News & Updates

Healthy Eating Laws - Coming Soon to an Ontario Restaurant Near You!

April 12, 2014

Potentially big developments for the franchised restaurant sector as political parties are lining up to propose new laws relating to healthy eating.

Last month, the Ontario Minister of Health sponsored a bill entitled Making Healthier Choices Act, 2014 which, if passed, would require restaurant chains in Ontario with 20 or more locations to display the caloric content of their menu items. The bill specifically refers to franchisors so that there is no ambiguity regarding the application of the bill to individual franchised units. The bill requires anybody who operates a business that is subject to the proposed law to display the number of calories of every food or drink item on each menu or place where a list of those items is displayed.

This requirement would also apply to every food or drink item, whether or not they are sold from the actual restaurant premises, and separate display requirements also apply to combo meals. The bill would also reserve inspection rights for the Ministry, and offences would carry penalties of up to $1,000 per day for individual offenders, and up to $10,000 per day for corporate offenders.

In addition, the Ontario NDP proposed a bill in late 2013 which would similarly require the posting of caloric counts and notices of high sodium on all menu items, but which would apply to chains of five units or more with a gross annual revenue of over $5 million.

First, let me say that I applaud any effort that aims to help our “growing” population make healthier eating choices (and I’m not just saying that because my wife is a dietitian!). At this point, it is trite to repeat the dangers associated with the rising obesity rate in Canada, so whatever can be done to control that issue, the better. And I believe I can speak on behalf of at least a few large foodservice operators who are looking forward to these legislative changes – some brands have worse reputations than others for the quality and fattiness of their food items, and I know they are eager to notify the public that their menu (while perhaps not exactly nutritious) is not as bad as we have been led to believe.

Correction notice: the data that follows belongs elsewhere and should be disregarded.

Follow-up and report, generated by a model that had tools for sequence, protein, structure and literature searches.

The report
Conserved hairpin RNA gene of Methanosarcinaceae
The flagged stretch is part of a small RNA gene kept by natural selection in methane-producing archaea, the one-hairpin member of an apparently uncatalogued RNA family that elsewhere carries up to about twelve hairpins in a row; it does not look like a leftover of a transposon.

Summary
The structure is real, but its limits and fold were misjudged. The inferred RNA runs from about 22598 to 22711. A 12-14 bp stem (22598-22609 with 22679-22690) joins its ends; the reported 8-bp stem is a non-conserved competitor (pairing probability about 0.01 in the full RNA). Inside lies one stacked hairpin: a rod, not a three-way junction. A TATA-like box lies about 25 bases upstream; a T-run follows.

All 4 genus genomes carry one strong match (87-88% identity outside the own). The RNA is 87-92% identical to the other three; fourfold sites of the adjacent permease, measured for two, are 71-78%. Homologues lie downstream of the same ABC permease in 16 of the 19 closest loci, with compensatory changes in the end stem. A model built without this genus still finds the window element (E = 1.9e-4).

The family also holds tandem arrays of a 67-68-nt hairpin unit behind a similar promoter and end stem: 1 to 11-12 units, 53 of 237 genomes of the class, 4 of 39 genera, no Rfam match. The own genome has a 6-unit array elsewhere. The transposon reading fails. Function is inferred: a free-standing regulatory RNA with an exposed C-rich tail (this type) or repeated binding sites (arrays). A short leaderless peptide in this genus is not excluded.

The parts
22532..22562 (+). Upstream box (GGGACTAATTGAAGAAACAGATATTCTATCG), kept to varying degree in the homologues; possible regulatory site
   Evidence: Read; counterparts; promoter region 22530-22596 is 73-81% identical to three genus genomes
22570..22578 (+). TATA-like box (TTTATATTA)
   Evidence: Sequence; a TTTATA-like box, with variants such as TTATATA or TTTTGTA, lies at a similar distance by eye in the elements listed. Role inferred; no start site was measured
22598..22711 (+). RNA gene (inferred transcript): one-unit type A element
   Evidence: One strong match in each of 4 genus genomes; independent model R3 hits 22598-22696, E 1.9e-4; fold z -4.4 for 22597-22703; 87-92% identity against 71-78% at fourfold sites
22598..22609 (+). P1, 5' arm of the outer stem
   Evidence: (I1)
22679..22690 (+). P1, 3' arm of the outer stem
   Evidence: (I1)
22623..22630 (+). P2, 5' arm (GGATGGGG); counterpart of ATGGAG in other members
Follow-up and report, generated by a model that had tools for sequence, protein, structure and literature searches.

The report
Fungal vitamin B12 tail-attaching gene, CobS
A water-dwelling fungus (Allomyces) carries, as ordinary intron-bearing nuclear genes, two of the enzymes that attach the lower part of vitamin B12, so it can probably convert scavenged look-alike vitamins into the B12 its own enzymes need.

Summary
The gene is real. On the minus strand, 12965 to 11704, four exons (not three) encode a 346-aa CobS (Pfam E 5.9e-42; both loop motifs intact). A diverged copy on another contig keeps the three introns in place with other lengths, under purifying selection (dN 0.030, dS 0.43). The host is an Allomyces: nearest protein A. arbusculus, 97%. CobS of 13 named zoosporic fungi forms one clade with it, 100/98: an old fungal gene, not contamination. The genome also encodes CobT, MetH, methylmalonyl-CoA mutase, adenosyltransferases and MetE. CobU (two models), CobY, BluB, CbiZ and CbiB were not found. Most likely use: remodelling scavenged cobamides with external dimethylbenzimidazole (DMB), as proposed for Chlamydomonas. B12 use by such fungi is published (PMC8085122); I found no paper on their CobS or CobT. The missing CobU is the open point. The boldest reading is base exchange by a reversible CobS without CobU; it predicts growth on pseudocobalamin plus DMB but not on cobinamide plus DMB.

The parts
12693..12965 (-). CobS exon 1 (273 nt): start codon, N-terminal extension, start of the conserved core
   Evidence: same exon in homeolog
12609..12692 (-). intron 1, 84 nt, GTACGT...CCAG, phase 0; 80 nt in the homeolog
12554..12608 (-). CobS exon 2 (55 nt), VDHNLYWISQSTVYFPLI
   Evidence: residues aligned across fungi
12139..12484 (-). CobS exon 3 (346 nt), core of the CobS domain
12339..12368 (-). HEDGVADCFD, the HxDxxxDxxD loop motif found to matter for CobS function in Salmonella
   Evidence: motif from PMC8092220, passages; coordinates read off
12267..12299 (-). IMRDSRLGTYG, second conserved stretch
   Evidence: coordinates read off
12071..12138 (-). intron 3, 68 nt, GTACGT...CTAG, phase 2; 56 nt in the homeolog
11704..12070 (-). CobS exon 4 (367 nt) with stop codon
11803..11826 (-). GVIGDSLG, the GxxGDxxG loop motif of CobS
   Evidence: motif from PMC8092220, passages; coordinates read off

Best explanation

But I do also reserve a little bit of skepticism regarding the actual impact that laws of this nature may be able to achieve. For anyone interested in the topic of restaurants being mandated to display health information, it would not take long to discover that there are as many studies supporting the position that notices like these can sway customers’ dietary choices as there are studies which reveal there is no effect at all.

I am no expert in that department, but I can predict a scenario where the compliance costs to the restaurant industry will far outweigh the number of people who change their eating habits as a result. Perhaps I am assuming too much, but I tend to believe that most of us who eat at certain restaurants (be they fast-food, casual or full-service) know when we sit down that we are likely consuming more bad stuff than our doctors would recommend. Few, if any, of us would order French fries with a belief that they might be healthy for us. It is hard to imagine a reality where the posting of the caloric count of that menu item might change my mind to order it.

I also echo the position of the Canadian Restaurant and Foodservices Association, which supports initiatives promoting healthy eating choices but which believe this objective may be better realized and with less burdensome compliance costs to the industry if Ontario followed the lead of B.C. and Alberta’s “Informed Dining” program. Under that program, participating restaurants are required to display nutritional information in a variety of places (including online), without having to incur the cost of modifying their menu boards. Of course, the operative word there is “participating”, as the Informed Dining program is entirely voluntary.

Attempts to regulate the publicity of nutritional information is not news, as the United States has been circling these requirements at a federal and state level for some time.

I, for one, am eager to see not whether a healthy eating choice law gets passed in Ontario (as it seems likely it will), but rather which law will get passed.

Tags: Franchising